In keeping with its promise to open the windows of city government, the City of Pittsburgh has launched Pittsburgh Data Forum, an online platform that allows residents to identify what data they want to see and why.

The Forum, the next step in the city’s effort to offer access to city data sets on everything from building permits to 311 data, has been a work in progress since February 2014 when the city passed the Open Data Law.

Introduced by Councilwoman Natalia Rudiak with the support of Mayor Bill Peduto, the law outlines the city’s commitment to developing a public portal that gives anyone access to data collected and/or maintained by city government.

Launched last week, the forum is already hosting lively conversations.

“I hope this will be a community conversation that allows people to go back and forth and work together to share ideas and information, says Laura Meixell, analytics and strategy manager for the city.

Among them is a report card on utility use and costs for city-owned buildings, data on parking permits and visitor passes issued to city residents and a GPS app to locate the positions of the city snow plows.

“I would like data on how much bike commuting there is right now and if it increases as lanes are added,” suggests Ed H.

“We see this as a way for citizens, local nonprofits and neighborhood associations to tell us what they are looking for to further their missions,” adds Meixell. “The more people who have a sense of the kind of data they need, the better the site will be.”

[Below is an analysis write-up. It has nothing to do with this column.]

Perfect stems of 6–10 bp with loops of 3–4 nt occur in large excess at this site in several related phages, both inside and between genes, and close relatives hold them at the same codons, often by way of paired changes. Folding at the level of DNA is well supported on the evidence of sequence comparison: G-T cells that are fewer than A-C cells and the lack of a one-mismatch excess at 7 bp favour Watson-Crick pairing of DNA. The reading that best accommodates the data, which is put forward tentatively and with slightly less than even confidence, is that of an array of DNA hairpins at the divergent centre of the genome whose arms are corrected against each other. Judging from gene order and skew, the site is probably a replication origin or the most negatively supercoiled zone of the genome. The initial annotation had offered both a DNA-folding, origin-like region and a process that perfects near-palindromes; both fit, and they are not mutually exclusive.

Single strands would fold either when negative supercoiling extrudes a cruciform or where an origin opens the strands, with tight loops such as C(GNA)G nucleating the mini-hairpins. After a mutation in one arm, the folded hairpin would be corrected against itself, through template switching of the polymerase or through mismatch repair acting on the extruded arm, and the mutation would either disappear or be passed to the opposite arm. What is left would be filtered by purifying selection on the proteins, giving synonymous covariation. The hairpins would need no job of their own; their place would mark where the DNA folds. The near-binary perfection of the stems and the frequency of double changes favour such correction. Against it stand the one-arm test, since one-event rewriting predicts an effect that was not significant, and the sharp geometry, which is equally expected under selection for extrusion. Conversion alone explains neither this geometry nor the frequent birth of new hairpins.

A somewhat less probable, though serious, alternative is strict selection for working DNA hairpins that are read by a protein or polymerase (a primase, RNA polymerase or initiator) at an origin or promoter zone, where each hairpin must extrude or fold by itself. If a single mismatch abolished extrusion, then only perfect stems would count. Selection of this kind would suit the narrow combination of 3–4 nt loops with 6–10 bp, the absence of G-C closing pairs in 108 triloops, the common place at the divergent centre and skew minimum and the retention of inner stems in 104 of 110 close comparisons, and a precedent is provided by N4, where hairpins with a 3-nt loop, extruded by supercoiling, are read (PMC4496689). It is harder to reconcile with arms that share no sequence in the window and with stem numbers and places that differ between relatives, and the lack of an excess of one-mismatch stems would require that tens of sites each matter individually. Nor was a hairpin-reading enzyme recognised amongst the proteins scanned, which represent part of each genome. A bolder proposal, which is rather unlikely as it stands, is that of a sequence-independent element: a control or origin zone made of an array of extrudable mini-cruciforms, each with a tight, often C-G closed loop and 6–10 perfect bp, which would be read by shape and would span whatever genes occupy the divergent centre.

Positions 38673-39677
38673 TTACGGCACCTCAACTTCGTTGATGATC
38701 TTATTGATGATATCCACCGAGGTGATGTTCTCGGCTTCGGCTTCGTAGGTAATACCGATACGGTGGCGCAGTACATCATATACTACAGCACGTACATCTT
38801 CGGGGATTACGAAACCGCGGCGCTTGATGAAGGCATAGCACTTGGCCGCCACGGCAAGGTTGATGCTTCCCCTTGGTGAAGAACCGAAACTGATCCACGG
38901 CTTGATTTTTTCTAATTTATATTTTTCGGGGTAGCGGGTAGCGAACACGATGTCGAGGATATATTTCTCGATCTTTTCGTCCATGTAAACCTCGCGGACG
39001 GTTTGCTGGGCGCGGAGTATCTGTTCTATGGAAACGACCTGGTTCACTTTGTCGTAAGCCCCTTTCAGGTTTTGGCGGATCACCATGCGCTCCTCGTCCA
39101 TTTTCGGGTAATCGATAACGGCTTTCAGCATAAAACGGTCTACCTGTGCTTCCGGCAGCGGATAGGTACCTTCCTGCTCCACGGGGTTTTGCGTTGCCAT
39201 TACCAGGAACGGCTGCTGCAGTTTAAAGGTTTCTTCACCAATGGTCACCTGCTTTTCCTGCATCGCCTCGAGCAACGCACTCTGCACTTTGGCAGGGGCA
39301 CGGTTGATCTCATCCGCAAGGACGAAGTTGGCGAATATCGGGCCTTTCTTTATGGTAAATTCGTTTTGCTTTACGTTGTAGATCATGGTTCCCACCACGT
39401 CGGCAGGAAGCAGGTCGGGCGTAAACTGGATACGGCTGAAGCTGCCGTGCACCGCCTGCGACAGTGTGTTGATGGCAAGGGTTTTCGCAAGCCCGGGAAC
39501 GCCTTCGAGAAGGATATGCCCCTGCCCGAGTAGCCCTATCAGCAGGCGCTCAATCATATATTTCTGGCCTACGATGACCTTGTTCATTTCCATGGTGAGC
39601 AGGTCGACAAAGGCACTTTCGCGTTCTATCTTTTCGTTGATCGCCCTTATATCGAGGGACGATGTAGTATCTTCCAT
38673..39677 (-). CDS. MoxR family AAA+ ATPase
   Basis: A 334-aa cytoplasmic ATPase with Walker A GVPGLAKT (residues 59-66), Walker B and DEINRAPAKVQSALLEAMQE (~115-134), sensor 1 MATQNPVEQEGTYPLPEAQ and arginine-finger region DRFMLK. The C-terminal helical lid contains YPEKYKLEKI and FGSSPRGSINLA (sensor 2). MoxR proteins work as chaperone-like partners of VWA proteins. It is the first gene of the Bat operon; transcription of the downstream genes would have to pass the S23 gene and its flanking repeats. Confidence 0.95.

The Forum, an embedded widget from the city’s community forum Engage Pittsburgh, is just the beginning of what’s to come, she adds. Once city staff prioritizes the data requests, staff will begin an internal investigation to assess the availability and quality of the data.

The ultimate goal is the creation of a platform that may be used by university researchers, businesses and others to provide data for research projects and businesses.

“We have really big plans, but nothing we can release yet,” she says.

“In general, we want to be more transparent and clear about city operations,” says Meixell. “From the city perspective, we want to be more of a partner (with nonprofits and others) in that by giving them easier access.”